Best Practice for Managing Different Server Roles?

I’m looking to use Foreman+Katello to manage a relatively small estate (~100) of Linux (new boxes will be Alma, older ones are Ubuntu) servers. From an infrastructure POV we have Pre-prod and Prod environments, and Dev look after the application releases separately. High priority security updates aside, my plan is essentially to take a Product Sync once a month, roll out to Pre-prod then promote to Prod a week later after testing.

These servers will all use the standard Alma repos for most packages, but certain types of server will use extra repos (for example nginx, mysql), so I’m trying to figure out the best way to divide and manage updates for the different server roles.

Products/Repos need to be subscribed to at both a Host level and a Content View level, so I’m uncertain whether to use different Products for the additional repos, or just use one Product containing all required Repos and assign a different Content View for every different server type. The latter currently seems to me like the most straightforward solution.

Can I ask for a little advice on how people manage this in their respective environments please? I’ve not been able to source much information in this area so far.



from a Katello point of view, products are basically a group of repos that all require one specific subscription (Katello is very RedHat opinionated here), so whether you want to put everything in one product or split your repos up into several ones is somewhat a matter of taste. You can use products to set some defaults for the repos like sync plan etc, but you can set everything on the repo level too, afaik. I personally like to group repositories that belong to a certain software stack in one product (like all our mirrored Foreman/Katello repos is one product, another one are Puppet repos, etc).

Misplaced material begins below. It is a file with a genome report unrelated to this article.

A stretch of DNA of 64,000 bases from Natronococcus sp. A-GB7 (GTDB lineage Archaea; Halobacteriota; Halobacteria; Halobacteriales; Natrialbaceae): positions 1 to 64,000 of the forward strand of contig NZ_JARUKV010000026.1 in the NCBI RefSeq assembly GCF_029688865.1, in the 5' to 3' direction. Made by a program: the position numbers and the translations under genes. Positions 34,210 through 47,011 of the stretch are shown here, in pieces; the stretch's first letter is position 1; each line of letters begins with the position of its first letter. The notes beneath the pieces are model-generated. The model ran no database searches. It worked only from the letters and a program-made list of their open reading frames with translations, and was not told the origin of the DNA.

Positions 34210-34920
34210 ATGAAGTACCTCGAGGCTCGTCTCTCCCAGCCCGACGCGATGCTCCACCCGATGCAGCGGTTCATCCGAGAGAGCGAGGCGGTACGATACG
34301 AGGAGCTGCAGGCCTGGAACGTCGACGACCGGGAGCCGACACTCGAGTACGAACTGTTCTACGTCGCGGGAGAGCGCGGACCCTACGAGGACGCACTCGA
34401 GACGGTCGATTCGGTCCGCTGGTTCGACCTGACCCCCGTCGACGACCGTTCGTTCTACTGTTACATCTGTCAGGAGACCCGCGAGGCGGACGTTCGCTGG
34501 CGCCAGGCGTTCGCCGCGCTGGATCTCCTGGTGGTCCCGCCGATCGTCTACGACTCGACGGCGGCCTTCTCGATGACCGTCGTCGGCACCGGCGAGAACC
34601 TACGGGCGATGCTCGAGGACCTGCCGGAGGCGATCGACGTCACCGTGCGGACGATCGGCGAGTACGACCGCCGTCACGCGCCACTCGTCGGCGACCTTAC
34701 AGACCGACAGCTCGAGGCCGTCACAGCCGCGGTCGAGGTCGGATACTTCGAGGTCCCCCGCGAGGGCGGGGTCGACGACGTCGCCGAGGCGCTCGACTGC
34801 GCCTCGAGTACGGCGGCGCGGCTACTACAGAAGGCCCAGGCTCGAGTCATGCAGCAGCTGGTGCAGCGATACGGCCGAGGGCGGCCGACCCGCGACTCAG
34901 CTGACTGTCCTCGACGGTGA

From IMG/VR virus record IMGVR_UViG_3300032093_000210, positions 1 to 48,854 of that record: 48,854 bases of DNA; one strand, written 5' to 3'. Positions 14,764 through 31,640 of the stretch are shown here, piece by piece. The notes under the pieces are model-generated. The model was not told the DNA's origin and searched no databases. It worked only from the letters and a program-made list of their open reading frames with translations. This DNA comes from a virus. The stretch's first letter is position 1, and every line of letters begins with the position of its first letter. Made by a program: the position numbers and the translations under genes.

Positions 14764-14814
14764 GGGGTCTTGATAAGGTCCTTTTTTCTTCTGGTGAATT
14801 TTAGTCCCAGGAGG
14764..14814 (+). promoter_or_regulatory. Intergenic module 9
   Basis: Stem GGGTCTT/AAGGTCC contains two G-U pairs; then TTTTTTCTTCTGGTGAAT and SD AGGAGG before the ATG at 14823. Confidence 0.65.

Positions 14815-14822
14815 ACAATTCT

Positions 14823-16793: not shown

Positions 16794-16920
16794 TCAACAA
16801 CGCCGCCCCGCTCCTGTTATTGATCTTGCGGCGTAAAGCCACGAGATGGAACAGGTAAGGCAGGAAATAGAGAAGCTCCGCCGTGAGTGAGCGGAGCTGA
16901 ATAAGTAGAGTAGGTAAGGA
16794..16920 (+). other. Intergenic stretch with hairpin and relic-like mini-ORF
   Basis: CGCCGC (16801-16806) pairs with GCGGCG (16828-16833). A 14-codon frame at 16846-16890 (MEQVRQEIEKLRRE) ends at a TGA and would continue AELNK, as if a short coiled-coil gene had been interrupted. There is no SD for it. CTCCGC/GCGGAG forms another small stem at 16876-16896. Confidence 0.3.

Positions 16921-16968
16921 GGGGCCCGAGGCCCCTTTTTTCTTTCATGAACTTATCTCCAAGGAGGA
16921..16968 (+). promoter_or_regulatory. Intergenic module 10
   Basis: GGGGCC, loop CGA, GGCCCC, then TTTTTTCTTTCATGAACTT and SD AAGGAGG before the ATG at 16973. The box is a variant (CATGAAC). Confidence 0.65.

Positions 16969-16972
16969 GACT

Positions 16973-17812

Concerning the content views, there are several valid solution, and figuring out witch is the best is very use-case dependent.

  • One big content view for everything: This is generally the low-effort way. The pro is obviously that you have close to no overhead when it comes to managing your content views, but it is also very unflexible (e.g. you can only update all the repos in the CV at once) and every host can access every repo that you have.
  • One CV per product/repo with one CCV combining them: This approach has the upside that you can update specific repos/components on their own without needing to push new versions of all repositories, but comes at the cost of needing to do a lot more CV publishes per update, since for a full update you need to publish a new version of each CV and then another publish + promote for the composite content view. All your systems can still access all the repos.
  • One big CV per server-role: This is basically option 1 scaled up. It increases maintenance since you need to manage several CVs but ensures hosts in one CV cannot access the repos that they should not.
  • One CV per product/repo, one CCV per server-role: Basically option 2 scaled up. You keep the flexibility, but add yet more maintenance on top of if. On the pro side, servers can once again not access any repos they should not.

In any case, I would recommend taking a look at activation keys, since they can help you a lot setting up your systems with the right repositories.

If you do not have paid per-system repositories, I would generally recommend option 2 from the above list and letting activation keys handle what repositories are enabled on the systems by default.
For paid per-system content I would the suggest scaling out to option 4 (which is relatively easy if you started out from option 2).
For example: We have a “general purpose” CCV for our systems where all the default OS repos and our default third-party tools like Puppet are included. But we have additional CCVs (using the same base CVs + an additional CV for the “special” content). This way, maintenance is still on a reasonable level with, but we keep the flexibility this setup offers and can ensure that the paid-per-system content is only accessible to hosts that should have it.

Hope this helps. :slight_smile:


Yes, sorry, I should have also specified that I planned to use different Content Views for different repos, and create Composites to combine them for various server roles as needed. I’m also only using Foreman/Katello for managing updates, not provisioning of the servers themselves - that might also be relevant to only using a single “Product” which contains all my repos.

Activation Keys I have experimented with a little, as I’m just experimenting with a small, 3 server proof of concept lab at the moment I’d mostly been applying different configs manually. I think I didn’t find it immediately apparent that you also have to add Subscriptions to Activation Keys once you’re created them, so I had a bit of trouble with getting my client boxes to work in conjunction with those, but I believe I should be okay with that now when I go back to it.

Thanks, that’s really helpful, and I think seems to broadly be in line with my thinking so far.

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